FELA Claim: File It or Forget It – Waiting Might Mean Waiver
A West Virginia court recently dealt a devastating blow to a railroad worker who devoted 30 years of his life to East Coast railway giant CSX Transportation. The man had suffered severe back pain beginning in the 1980s, which he and his doctors demonstrated was caused by the countless hours the man spent on CSX trains. Regardless of the nature or the source of the injury, the state Supreme Court ruled the railroad worker should have sued his employer earlier.
In this case, there was ample evidence that the inadequate support in the CSX caboose and locomotive seats, on which the worker had spent over a quarter of a century sitting, played a major role in his injuries. When trains rolled over rough patches of track, his back felt every tremor of impact, which left him with displacement and slipping of vertebrae. While the man first sought medical care in 1985, and received treatment regularly from 2001 to 2007, he didn’t file a suit against CSX until 2010.
Beware of the statute of limitations for FELA claims
Based on the chronology of this man’s injury, the time at which he first sought treatment, and the point at which various conditions were diagnosed, the Court determined that his claims were barred by the Federal Employers Liability Act (FELA) statute of limitations, which refers to the span of time the law sets for filing lawsuits. Under FELA, which covers railroad workers’ job-related injuries, an employee must bring suit three years from the date of injury.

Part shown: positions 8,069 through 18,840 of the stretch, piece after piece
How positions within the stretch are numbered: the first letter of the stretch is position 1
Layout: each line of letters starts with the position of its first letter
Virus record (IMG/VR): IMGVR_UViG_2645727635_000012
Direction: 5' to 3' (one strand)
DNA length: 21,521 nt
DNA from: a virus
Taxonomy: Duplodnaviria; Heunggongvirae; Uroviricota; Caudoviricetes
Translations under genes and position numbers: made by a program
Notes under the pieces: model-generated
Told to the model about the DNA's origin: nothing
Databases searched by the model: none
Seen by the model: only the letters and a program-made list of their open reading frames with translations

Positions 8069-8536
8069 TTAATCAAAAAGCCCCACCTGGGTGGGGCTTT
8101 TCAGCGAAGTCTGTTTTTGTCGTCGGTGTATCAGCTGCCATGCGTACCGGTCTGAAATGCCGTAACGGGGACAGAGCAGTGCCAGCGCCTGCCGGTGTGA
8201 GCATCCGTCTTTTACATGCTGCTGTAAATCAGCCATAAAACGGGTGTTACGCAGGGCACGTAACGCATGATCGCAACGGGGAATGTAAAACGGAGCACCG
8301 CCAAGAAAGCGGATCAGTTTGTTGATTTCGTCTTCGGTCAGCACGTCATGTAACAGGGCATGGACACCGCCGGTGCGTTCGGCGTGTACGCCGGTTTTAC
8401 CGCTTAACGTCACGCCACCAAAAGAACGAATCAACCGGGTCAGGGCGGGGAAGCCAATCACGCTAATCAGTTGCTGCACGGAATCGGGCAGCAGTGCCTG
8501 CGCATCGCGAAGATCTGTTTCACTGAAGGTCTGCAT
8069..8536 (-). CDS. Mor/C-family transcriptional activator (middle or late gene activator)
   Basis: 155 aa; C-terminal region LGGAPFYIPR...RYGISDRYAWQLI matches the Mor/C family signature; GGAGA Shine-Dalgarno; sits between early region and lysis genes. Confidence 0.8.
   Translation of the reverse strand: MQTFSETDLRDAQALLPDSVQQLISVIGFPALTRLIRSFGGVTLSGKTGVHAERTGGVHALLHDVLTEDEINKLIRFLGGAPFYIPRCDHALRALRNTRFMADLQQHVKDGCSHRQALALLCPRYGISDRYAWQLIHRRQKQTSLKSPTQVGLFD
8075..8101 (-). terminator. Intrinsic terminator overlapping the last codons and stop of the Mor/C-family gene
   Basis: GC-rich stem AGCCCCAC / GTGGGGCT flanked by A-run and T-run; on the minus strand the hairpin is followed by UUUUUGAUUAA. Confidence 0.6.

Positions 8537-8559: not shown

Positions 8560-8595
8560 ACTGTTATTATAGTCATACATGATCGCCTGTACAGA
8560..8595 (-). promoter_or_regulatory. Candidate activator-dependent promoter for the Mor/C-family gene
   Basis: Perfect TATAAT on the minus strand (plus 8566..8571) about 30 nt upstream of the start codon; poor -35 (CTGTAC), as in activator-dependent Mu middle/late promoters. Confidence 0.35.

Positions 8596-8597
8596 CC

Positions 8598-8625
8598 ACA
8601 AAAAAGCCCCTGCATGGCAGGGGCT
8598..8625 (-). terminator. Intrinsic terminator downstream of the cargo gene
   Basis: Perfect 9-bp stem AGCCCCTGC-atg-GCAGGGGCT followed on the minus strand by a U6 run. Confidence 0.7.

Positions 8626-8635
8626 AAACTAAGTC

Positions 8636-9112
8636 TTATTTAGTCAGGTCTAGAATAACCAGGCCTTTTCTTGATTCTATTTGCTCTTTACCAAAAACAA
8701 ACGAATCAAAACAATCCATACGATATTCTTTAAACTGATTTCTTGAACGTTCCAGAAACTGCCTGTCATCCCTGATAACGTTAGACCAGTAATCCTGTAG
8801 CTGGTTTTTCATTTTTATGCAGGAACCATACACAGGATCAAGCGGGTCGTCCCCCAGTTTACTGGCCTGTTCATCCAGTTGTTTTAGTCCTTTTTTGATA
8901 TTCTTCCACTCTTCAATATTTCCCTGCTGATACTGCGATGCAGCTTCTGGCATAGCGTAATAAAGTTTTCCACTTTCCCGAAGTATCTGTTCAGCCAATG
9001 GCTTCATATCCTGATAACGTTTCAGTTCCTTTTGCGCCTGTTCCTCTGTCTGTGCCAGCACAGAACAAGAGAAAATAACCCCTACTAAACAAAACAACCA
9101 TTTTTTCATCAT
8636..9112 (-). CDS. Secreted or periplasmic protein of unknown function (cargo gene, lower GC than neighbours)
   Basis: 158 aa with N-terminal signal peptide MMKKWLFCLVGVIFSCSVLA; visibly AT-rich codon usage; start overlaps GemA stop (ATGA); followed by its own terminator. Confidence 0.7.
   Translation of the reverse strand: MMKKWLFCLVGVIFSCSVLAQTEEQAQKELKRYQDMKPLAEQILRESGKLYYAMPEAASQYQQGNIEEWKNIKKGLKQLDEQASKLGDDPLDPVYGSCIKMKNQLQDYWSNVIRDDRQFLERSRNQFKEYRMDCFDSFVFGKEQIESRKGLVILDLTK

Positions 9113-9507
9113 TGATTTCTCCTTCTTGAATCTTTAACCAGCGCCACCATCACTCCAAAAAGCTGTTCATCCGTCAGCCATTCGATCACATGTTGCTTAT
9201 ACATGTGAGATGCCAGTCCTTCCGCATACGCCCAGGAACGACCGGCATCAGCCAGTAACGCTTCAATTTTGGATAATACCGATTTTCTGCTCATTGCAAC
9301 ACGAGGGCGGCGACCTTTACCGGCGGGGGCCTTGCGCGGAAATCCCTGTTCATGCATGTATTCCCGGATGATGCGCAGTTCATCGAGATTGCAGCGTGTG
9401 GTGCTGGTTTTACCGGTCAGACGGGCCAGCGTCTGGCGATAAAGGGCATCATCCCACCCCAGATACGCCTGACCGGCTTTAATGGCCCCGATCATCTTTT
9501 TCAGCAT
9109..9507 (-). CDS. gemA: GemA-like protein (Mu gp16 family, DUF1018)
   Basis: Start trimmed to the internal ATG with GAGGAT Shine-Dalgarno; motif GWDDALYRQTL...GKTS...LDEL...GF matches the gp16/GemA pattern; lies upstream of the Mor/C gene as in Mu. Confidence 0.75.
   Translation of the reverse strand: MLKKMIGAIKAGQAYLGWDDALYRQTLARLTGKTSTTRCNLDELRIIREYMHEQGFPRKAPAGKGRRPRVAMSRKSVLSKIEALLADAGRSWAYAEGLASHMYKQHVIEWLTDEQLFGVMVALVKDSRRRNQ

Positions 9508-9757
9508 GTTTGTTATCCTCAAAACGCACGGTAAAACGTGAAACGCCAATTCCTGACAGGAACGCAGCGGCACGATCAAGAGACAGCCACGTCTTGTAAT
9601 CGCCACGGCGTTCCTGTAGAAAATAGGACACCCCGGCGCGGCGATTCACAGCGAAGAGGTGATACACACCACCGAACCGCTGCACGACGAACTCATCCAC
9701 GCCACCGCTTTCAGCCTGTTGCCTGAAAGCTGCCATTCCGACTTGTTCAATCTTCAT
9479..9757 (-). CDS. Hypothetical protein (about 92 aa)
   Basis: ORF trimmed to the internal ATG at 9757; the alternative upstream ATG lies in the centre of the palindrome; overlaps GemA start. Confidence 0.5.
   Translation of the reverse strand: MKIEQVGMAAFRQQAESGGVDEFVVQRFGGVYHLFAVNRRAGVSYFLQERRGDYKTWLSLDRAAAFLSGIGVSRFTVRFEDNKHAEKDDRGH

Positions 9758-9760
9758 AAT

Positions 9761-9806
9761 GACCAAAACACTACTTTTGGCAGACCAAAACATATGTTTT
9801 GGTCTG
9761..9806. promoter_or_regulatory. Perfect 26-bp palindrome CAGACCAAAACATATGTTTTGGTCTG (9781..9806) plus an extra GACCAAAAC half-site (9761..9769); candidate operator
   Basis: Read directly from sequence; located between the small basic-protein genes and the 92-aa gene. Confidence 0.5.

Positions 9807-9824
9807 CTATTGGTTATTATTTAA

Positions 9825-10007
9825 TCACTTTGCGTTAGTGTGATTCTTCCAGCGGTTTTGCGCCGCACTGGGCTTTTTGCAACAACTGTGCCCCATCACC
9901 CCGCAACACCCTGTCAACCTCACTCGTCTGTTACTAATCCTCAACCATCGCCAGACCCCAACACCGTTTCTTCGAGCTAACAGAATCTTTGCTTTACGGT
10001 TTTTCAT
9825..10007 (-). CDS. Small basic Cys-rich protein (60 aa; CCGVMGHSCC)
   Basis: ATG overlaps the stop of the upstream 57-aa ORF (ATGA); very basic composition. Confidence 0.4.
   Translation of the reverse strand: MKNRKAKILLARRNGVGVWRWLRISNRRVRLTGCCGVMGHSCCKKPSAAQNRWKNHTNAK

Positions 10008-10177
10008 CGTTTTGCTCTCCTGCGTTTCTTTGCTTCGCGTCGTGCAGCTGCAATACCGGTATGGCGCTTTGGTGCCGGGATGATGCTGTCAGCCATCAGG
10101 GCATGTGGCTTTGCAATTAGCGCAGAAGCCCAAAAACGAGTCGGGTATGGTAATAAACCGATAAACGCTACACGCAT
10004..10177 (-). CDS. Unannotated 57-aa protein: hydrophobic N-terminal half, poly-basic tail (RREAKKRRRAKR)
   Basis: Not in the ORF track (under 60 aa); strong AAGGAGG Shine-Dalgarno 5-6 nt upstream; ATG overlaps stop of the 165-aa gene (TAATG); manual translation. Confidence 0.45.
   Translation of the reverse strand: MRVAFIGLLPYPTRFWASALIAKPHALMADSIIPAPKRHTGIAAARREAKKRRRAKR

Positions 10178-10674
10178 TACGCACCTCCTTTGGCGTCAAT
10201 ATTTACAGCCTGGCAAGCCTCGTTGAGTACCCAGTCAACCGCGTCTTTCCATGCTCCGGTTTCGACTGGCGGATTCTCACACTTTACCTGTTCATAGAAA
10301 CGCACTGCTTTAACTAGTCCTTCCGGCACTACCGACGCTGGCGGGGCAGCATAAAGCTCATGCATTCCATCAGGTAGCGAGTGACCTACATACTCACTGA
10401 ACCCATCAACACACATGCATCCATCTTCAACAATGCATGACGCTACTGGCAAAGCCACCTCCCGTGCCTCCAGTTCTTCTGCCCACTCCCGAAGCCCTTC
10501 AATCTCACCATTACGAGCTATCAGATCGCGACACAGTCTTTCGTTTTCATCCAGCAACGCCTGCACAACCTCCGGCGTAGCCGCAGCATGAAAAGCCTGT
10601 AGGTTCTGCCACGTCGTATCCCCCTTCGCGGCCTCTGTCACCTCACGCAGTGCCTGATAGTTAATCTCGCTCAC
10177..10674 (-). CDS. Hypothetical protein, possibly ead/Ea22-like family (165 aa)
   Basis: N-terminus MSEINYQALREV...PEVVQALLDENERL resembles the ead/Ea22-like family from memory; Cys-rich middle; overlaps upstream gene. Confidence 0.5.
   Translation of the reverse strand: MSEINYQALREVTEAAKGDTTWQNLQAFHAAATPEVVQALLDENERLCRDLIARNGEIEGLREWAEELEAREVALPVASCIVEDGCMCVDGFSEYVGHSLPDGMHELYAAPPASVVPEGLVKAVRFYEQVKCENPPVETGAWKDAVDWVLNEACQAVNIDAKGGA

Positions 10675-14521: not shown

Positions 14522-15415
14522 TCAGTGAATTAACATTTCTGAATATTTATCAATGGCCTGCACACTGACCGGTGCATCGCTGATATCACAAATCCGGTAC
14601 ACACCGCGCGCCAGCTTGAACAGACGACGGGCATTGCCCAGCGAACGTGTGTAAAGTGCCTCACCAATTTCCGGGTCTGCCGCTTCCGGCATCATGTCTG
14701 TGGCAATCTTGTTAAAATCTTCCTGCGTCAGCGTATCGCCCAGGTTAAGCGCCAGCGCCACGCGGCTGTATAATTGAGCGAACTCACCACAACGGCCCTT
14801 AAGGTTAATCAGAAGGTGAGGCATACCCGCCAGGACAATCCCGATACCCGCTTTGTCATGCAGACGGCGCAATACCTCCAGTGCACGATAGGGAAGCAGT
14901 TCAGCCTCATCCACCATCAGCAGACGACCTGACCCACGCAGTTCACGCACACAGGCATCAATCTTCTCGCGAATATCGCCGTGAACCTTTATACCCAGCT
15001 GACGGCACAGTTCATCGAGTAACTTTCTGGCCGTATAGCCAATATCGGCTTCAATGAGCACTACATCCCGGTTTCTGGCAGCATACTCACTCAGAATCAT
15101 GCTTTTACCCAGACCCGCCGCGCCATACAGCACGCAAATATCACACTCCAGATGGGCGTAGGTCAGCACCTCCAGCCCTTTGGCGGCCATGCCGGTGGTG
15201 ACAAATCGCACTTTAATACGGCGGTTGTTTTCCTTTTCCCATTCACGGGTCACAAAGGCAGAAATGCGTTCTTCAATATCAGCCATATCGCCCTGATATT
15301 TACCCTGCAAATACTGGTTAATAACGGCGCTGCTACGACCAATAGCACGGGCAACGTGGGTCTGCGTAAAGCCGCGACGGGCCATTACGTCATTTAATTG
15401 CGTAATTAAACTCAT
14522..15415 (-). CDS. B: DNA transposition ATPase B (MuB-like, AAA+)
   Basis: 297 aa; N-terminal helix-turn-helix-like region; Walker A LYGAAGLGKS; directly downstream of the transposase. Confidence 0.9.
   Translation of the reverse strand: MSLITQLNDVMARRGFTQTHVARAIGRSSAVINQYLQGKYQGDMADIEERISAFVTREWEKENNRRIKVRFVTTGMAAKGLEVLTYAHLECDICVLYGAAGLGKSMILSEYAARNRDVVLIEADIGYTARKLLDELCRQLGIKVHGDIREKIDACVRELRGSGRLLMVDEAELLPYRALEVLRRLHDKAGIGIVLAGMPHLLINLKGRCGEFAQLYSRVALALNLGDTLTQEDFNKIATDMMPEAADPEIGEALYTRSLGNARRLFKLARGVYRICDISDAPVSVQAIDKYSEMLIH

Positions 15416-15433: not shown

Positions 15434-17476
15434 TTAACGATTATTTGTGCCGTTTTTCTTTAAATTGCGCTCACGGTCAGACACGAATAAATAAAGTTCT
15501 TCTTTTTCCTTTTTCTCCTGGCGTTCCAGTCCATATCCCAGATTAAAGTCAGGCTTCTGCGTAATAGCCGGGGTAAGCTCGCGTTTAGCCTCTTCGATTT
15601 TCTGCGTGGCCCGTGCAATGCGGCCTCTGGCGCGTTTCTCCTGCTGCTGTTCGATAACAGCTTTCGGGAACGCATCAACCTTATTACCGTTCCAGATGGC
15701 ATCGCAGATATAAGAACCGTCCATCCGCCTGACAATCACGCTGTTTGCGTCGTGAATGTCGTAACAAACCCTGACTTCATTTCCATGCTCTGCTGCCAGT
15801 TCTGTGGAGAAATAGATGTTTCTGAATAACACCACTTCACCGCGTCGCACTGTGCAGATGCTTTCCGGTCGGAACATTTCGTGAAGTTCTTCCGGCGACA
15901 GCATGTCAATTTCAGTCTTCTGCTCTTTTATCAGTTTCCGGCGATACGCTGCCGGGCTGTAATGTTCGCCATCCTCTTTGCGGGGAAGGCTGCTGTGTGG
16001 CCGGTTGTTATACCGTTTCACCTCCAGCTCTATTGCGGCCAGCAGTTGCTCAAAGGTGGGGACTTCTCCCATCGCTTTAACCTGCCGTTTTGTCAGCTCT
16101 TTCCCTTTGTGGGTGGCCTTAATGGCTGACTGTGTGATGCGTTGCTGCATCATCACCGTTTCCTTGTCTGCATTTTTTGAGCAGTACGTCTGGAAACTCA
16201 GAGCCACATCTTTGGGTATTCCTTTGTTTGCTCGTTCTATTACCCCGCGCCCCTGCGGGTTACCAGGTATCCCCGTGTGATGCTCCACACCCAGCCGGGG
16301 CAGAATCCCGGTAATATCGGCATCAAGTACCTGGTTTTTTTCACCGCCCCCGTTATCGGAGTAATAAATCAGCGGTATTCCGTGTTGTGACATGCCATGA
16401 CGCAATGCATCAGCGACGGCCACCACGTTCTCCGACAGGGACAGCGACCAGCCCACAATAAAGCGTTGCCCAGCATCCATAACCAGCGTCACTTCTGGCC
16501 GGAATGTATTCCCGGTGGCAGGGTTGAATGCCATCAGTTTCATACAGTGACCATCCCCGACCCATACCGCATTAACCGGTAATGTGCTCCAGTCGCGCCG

When injuries result from a single accident, it’s easy to figure out the critical date from which the three years begin. It’s more difficult to make this calculation when injuries are produced by ongoing conditions that may last for years and even decades, as was the case in the recent West Virginia lawsuit. Further complicating matters, in certain cases there may be claims under state law and/or federal, law with each one carrying a different statute of limitations.
A clear lesson
While claim agents may encourage a wait-and-see attitude with regard to FELA claims, railroad workers postpone at their own peril. If there is any doubt as to the ultimate danger of delay, one need only recall the unfortunate position in which the West Virginia railroad worker found himself.
Injured railroad workers should waste no time seeking medical and legal assistance when work brings unexpected aches, pains, and serious injuries.